Neighborhood Network Launched

Nine nonprofit agencies led by Focus: HOPE have been selected to pilot United Way for Southeastern Michigan’s (UWSEM’s) Neighborhood Network investment strategy. The pilot seeks to move individuals and families from crisis mode to self-sufficiency by maximizing the impact of existing nonprofit services, bundling a wide range of services provided by non-profits, government agencies, and for-profit entities in a place-based approach. The Network is part of a larger initiative, the HOPE Village Initiative, which is concentrated on transforming the community surrounding the Focus: HOPE’s Oakman Boulevard campus.

"The Neighborhood Network will weave together a wide range of services for residents in our community as we help to move them from dependency to self-reliance," said Focus: HOPE CEO William F. Jones, Jr. "This is a 'first' for our neighborhood and one that shows great promise. It enables Focus: HOPE to leverage our national leadership in workforce development, education, and food programs to benefit the community. By working together with our partners along Oakman Boulevard, and doing what each of us does best, we will help our neighbors get the services and skills they need to become independent and financially secure."

The HOPE Village Initiative service area encompasses 100 blocks in the heart of Detroit. Over the past five years, over $25 million has been invested in the neighborhood for new or renovated housing, business development, façade improvements, blight removal, home repairs and more. The initiative’s goal is to ensure that 100 percent of the residents in the area are educated, economically self-sufficient, and living in a safe and supportive environment by 2031. UWSEM’s funding for the Neighborhood Network program will provide families in the area with access to basic needs and pathways to jobs.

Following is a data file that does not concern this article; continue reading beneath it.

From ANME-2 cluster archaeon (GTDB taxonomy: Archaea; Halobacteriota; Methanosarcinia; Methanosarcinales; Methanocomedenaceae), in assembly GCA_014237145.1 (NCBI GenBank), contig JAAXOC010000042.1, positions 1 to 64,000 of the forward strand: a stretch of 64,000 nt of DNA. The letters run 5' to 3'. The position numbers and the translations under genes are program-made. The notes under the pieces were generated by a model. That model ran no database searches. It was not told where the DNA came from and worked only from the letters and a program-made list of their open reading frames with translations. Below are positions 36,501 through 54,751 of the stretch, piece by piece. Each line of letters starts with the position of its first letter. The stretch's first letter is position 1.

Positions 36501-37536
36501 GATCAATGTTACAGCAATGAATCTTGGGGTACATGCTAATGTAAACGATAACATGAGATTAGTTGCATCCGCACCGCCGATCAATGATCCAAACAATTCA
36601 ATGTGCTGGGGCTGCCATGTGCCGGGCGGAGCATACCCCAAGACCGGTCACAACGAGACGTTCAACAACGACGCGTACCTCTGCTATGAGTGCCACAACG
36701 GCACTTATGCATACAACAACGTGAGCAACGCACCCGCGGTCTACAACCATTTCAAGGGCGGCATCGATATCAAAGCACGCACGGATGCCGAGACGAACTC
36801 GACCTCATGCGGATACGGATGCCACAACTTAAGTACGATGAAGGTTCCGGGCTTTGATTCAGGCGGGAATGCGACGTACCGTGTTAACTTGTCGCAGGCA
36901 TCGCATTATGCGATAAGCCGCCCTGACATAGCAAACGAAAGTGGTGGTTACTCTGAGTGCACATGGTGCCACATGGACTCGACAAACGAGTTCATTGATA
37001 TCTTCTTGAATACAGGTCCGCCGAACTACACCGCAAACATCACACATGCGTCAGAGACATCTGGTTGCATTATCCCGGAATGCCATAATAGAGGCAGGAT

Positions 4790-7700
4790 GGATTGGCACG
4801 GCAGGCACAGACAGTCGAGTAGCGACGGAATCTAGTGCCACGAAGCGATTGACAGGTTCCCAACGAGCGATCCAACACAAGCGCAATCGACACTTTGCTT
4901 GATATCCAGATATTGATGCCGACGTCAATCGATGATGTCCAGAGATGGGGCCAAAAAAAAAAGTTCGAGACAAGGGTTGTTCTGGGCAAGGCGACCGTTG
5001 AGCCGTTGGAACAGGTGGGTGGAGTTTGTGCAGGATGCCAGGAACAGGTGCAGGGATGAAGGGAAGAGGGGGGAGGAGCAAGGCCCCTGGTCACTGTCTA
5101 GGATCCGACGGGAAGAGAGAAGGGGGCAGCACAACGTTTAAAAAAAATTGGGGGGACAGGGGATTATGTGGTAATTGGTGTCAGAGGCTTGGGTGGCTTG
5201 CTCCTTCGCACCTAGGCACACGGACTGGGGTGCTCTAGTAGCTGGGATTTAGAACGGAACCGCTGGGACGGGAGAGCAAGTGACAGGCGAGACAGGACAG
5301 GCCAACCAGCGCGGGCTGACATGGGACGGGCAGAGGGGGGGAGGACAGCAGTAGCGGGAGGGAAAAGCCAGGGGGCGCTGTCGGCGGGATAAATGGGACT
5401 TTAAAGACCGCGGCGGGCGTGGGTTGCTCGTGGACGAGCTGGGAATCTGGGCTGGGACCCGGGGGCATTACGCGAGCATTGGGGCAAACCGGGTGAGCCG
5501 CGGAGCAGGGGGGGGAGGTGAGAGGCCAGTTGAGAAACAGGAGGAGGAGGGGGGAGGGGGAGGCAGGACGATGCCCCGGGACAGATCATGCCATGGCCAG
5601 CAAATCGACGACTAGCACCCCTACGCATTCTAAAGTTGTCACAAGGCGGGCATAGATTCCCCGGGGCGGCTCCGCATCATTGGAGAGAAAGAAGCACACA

“United Way believes that in order to reach its goal of making greater Detroit one of the top five places in which to live and work by 2030, individuals and families must have the ability to be self-sufficient, said Dona Ponepinto, Vice President of Community Investments, Basic Needs & Financial Stability, United Way for Southeastern Michigan.

“To propel our region forward, we must create pathways for vulnerable individuals and families to be helped in times of need and become empowered with the mindset that they can make the future be better than the past,” she stated. “To that end, we are supporting results-oriented projects, programs and supportive services that are delivered to individuals and families using an approach that provides access to basic resources, assistance in navigating the safety net to access additional resources, and the support to move along the continuum towards self-sufficiency and financial stability.”

Partners in the Neighborhood Network will develop a shared data collection system, engagement strategy, evaluation process and set of indicators of success for individuals, families and the neighborhood. Partner agencies are already located in or providing significant services in the target area: Accounting Aid Society, Lutheran Child and Family Service of Michigan, Neighborhood Service Organization, Parkman Branch of the Detroit Public Library, New Paradigm Glazer Elementary, Joy Preparatory Academy, Michigan State University – Extension, and Youthville-Detroit. Wayne State University School of Social Work is providing consulting and evaluation services for the project.